We hired the whole of Michael Palin’s ‘Sahara’ and found that he seemed to be in a bad mood for the duration of the series; slightly disturbing since Palin is quite the lovable, hardcore, broad minded traveller, but let’s not forget how hot the Sahara is. Perhaps he just had a couple of off months. I read Gerald Durrell’s The Bafut Beagles, selectively ignoring any racist remarks (published 1954) and enjoying the evocative and amusing writings on his wildlife hunt in Cameroon, which has now made me want to drag Seth to the Fon’s palace in Bafut if and when we reach that incredible country. The next travelogue to meet my hands is less pleasing; a book about Morocco by an author who has a disarmingly creepy way of describing Moroccan women and who self-romanticises to the point of inducing nausea. I cower at the sight of this book, but what you start, you want to finish. How much can books really tell me, though?
So far, and most importantly, we have a couple of potential alphabet plans. I did accidentally select Jos as our J, only to discover that it’s currently one of the most dangerous cities in Nigeria and under curfew, (oops), highlighting for the first time the importance of up to date information, and how it often renders most of the research in even the most recent guidebooks irrelevant. Here’s an example:
If you look at the border between Nigeria and Cameroon, there seem to be three main crossing points - one in the north, one in the centre and one on the coast. If you then look online at recent safety updates, you discover that the whole of the north of Cameroon is regarded as unsafe to travel to, and that a recent kidnapping on the coastal ferry route has rendered that route as unadvised. Suddenly, three crossings miraculously change to one.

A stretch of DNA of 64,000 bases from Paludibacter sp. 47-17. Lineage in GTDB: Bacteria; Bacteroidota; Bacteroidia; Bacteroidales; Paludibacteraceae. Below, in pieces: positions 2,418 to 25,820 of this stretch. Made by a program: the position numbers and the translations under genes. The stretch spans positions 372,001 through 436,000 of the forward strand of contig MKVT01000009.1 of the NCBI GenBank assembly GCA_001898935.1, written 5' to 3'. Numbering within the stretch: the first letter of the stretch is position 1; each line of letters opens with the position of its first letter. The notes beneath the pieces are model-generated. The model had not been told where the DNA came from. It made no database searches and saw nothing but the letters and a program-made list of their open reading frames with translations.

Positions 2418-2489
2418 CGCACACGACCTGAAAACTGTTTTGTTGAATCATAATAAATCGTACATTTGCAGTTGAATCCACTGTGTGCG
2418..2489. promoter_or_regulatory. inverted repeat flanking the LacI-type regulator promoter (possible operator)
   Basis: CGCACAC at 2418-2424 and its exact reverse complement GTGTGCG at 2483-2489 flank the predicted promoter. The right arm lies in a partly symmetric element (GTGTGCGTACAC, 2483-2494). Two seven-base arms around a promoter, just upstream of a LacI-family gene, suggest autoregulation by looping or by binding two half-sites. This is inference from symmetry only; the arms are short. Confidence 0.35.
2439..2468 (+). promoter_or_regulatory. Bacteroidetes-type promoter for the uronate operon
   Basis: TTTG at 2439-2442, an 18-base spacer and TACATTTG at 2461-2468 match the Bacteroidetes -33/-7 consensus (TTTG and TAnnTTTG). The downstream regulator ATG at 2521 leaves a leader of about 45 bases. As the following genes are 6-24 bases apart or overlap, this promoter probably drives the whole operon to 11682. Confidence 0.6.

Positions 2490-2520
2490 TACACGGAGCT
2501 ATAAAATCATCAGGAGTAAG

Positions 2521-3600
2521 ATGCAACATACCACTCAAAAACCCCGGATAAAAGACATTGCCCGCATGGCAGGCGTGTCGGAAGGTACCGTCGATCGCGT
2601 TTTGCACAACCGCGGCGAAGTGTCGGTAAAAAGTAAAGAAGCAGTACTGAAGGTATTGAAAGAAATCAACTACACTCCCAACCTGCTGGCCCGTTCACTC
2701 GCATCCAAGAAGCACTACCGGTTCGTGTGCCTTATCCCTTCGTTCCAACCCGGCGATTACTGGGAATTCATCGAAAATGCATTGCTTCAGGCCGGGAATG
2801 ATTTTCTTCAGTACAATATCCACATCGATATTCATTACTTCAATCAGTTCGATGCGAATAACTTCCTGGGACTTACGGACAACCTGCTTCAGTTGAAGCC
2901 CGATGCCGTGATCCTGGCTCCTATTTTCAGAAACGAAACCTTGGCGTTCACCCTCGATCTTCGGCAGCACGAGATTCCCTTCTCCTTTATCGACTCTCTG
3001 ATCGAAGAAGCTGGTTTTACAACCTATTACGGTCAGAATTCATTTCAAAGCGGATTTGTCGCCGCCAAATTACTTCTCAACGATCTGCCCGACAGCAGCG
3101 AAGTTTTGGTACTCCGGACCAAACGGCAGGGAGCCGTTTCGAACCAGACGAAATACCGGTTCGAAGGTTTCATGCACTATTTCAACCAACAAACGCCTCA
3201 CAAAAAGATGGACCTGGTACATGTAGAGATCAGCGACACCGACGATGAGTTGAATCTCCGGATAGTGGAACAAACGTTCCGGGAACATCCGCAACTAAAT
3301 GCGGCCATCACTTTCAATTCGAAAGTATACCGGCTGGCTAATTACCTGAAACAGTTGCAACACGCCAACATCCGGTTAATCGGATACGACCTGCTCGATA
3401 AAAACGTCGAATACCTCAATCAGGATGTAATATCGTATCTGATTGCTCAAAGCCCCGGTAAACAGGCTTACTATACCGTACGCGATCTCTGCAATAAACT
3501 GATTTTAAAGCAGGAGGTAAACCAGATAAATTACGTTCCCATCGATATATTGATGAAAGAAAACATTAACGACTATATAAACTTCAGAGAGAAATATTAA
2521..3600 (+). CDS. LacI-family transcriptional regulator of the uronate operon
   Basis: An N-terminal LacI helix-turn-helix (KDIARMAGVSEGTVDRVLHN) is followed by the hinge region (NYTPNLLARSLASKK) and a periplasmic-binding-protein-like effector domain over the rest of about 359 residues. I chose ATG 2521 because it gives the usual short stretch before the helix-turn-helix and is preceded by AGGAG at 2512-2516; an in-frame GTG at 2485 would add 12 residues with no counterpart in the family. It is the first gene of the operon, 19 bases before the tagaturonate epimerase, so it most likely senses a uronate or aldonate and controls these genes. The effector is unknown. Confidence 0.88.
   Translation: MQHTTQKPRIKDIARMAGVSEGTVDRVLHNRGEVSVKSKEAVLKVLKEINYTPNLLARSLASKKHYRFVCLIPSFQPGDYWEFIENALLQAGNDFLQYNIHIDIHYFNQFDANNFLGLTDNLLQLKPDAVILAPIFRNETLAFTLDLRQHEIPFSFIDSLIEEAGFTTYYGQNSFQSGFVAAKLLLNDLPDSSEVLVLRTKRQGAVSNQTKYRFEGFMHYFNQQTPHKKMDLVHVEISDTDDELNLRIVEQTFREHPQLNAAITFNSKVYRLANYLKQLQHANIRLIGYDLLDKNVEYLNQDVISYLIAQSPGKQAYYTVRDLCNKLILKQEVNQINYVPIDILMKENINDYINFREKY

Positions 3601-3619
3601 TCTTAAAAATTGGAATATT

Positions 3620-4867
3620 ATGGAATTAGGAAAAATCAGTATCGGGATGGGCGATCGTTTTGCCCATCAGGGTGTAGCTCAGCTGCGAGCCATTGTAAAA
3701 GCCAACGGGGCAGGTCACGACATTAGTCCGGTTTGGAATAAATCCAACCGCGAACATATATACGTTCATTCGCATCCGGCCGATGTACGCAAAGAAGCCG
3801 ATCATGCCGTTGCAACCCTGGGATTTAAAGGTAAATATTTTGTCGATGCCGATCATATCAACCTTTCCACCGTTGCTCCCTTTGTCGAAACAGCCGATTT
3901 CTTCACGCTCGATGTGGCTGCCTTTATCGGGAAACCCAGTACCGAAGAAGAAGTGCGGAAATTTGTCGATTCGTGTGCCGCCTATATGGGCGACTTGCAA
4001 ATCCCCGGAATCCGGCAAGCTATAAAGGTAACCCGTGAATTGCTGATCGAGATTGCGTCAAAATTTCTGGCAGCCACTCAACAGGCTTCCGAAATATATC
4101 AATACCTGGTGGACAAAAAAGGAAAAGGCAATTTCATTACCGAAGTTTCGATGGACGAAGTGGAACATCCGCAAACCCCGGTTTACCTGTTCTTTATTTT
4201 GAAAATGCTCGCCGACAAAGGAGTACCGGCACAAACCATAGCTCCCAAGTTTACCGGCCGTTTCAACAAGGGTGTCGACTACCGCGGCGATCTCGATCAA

Visa wise, Nigeria is proving the most difficult, although we are receiving kind help with this. Whether or not we need permission to cross Western Sahara and where to obtain it from is still not clear. As far as security is concerned, Mauritania is currently the most questionable of the early countries, and it is starting to look as though Mali might be having a few troubles of its own.
On a lighter note, I am now going to ask Seth what he’s most looking forward to…
‘Freedom. Taking pictures. It’s got to be Gabon really, hasn’t it?’ (He sounds fairly unanimated at first.) ‘Hombori in Mali, 'cos it looks beautiful. Fish markets in Senegal, fetish markets in Benin. Markets generally, actually. ALL the markets! ALL the markets in West Africa! I want to go to EVERY SINGLE ONE, and spend too much time in them!’ Yeah, don’t marry a photographer, and if you do, carry a Gameboy in your pocket.